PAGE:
As Finances Tighten, Superintendents Balk At Magnet School Expenses
Town Officials Preparing To Sue State Over Mandates
By MARK SPENCER
July 10, 2011
At a time when school systems are wringing every penny out of their budgets, some local leaders are growing increasingly frustrated about the cost of sending students to magnet schools, part of the state's plan to integrate Hartford schools.
Some superintendents are particularly irked by a state mandate that they pay for 3- and 4-year-old students to attend pre-kindergarten programs at magnet schools, saddling them with tens of thousands in unexpected costs. They also contend that they should not have to pay for their students to attend half-day magnet programs.
They are preparing to sue the state Department of Education over the mandates, and some have refused to pay bills they have recently received.
"We don't believe we're responsible for it, but we are now being billed for it," said Superintendent Alan Beitman of Regional School District 10 in Harwinton and Burlington. The district has hired an attorney to prepare a lawsuit and has approached nine other suburban school systems to join it.
The magnet schools are designed to offer special curriculums in a racially balanced setting, attracting students from both the suburbs and the city. In suburban schools, seats then become available for Hartford students to attend through the Open Choice program.
The state is trying to increase participation to comply with the settlement in the Sheff v. O'Neill desegregation lawsuit.
"We understand the districts' concerns, but we also have a mandate from the court," said Kathy Demsey, an education consultant for the state Department of Education's Sheff office.
Local schools have always had to pay for students who want to attend magnet schools full time, but have long complained about the compensation they get for taking Open Choice students. The state gave districts $2,500 for each Open Choice student. They had to contribute up to $4,700 for magnet school tuition, with the state covering the balance.
"The problem was the imbalance in the cost," Newington Superintendent William Collins said.
The state's new budget addresses the problem, increasing the per-student Open Choice subsidy while offering an incentive for districts to meet the goal of having Open Choice students account for 3 percent of each district's enrollment.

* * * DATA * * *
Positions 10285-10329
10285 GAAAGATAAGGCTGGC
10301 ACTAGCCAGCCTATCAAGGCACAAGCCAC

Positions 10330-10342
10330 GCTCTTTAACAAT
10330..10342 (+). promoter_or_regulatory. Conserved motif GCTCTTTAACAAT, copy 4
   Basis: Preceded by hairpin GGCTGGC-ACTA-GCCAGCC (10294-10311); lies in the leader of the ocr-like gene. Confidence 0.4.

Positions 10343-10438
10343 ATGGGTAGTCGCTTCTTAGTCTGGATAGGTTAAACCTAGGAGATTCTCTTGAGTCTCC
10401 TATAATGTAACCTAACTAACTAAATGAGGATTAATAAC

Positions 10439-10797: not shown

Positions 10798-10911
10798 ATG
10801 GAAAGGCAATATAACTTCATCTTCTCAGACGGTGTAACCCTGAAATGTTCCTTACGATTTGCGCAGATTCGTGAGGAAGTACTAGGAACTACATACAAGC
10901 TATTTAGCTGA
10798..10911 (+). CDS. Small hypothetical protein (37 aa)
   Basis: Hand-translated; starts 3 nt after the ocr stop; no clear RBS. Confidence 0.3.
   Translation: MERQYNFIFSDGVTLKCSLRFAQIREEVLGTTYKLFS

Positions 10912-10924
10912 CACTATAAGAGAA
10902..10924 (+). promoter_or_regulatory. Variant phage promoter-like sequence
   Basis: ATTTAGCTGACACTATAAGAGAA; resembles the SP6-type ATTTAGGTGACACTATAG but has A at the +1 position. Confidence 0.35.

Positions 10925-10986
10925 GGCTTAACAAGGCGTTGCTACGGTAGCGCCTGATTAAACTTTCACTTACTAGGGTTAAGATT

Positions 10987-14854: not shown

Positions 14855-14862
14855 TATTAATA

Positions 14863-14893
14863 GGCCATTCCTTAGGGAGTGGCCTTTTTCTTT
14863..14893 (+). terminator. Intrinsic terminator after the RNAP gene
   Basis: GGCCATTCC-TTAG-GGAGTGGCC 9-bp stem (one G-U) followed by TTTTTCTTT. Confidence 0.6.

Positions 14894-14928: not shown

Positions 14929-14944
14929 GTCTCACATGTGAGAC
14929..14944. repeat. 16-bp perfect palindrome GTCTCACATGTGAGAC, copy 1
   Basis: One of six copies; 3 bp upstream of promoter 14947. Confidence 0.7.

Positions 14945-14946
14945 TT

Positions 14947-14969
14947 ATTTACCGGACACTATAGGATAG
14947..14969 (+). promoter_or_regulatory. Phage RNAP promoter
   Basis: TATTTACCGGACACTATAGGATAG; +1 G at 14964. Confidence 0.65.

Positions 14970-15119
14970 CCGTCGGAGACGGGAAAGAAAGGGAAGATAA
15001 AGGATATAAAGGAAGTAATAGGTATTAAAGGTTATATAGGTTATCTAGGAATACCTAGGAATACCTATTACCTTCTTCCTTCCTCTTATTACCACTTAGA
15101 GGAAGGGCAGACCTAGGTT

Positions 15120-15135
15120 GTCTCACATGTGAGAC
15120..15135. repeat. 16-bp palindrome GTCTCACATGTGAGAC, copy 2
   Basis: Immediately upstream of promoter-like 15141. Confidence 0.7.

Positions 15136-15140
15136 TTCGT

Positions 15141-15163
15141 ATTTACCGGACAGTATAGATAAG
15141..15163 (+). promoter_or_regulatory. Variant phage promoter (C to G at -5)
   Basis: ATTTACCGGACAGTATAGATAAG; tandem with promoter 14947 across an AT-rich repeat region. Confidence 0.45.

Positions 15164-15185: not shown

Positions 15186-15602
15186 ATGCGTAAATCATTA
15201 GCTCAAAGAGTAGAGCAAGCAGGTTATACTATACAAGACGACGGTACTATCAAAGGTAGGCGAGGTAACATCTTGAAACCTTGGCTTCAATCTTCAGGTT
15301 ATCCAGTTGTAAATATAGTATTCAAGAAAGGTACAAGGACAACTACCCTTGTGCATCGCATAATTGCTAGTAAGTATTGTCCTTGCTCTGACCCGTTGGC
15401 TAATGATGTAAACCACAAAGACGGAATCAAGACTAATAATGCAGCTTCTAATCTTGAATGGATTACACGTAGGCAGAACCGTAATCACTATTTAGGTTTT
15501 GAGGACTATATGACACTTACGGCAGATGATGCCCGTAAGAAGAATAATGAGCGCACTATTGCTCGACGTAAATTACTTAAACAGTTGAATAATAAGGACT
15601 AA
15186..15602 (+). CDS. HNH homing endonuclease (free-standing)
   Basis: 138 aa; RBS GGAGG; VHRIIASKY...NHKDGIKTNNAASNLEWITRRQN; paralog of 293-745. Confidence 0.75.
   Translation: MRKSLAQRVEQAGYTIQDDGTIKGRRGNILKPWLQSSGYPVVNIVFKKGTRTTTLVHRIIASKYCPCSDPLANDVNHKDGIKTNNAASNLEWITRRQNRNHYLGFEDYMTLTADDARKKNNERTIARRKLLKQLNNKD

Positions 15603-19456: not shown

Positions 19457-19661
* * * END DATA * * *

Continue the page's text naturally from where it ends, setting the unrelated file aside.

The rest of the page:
The new formula will provide $3,000 per student if enrollment is 1 percent or less, $4,000 for 1 to 2.99 percent, and $6,000 for above 3 percent. Other financial incentives also are available.
"It's led to additional seats being open," Demsey said.
The overall goal set by the Sheff settlement is for 41 percent of Hartford students to be enrolled in Open Choice or magnet schools by 2013.
The increased Open Choice subsidy has alleviated some local concerns at a time when the state is stepping up efforts to recruit magnet students from the 28 participating districts in the Hartford region.
The state has a $275,000 contract with a marketing firm to promote the schools. It also has given marketing budgets of $70,000 each to the Capitol Region Education Council, which runs seven magnets, and the Hartford school district, which has six.
"We're very aggressively marketing." Demsey said.
They have an attractive offer when it comes to pre-kindergarten programs. Parents looking at spending up to $12,000 for a pre-kindergarten program with after-school activities can instead get it free, recruiters tell them.
There's even a regional transportation system to get students to the schools.
But the aggressive recruiting has exacerbated local concerns about paying for pre-kindergarten magnet students, especially when they can't afford to offer such programs in their own districts.
It has also highlighted what appears to be a breakdown in communication among the state, local districts and some magnet operators.
Reprinted with permission of the Hartford Courant.
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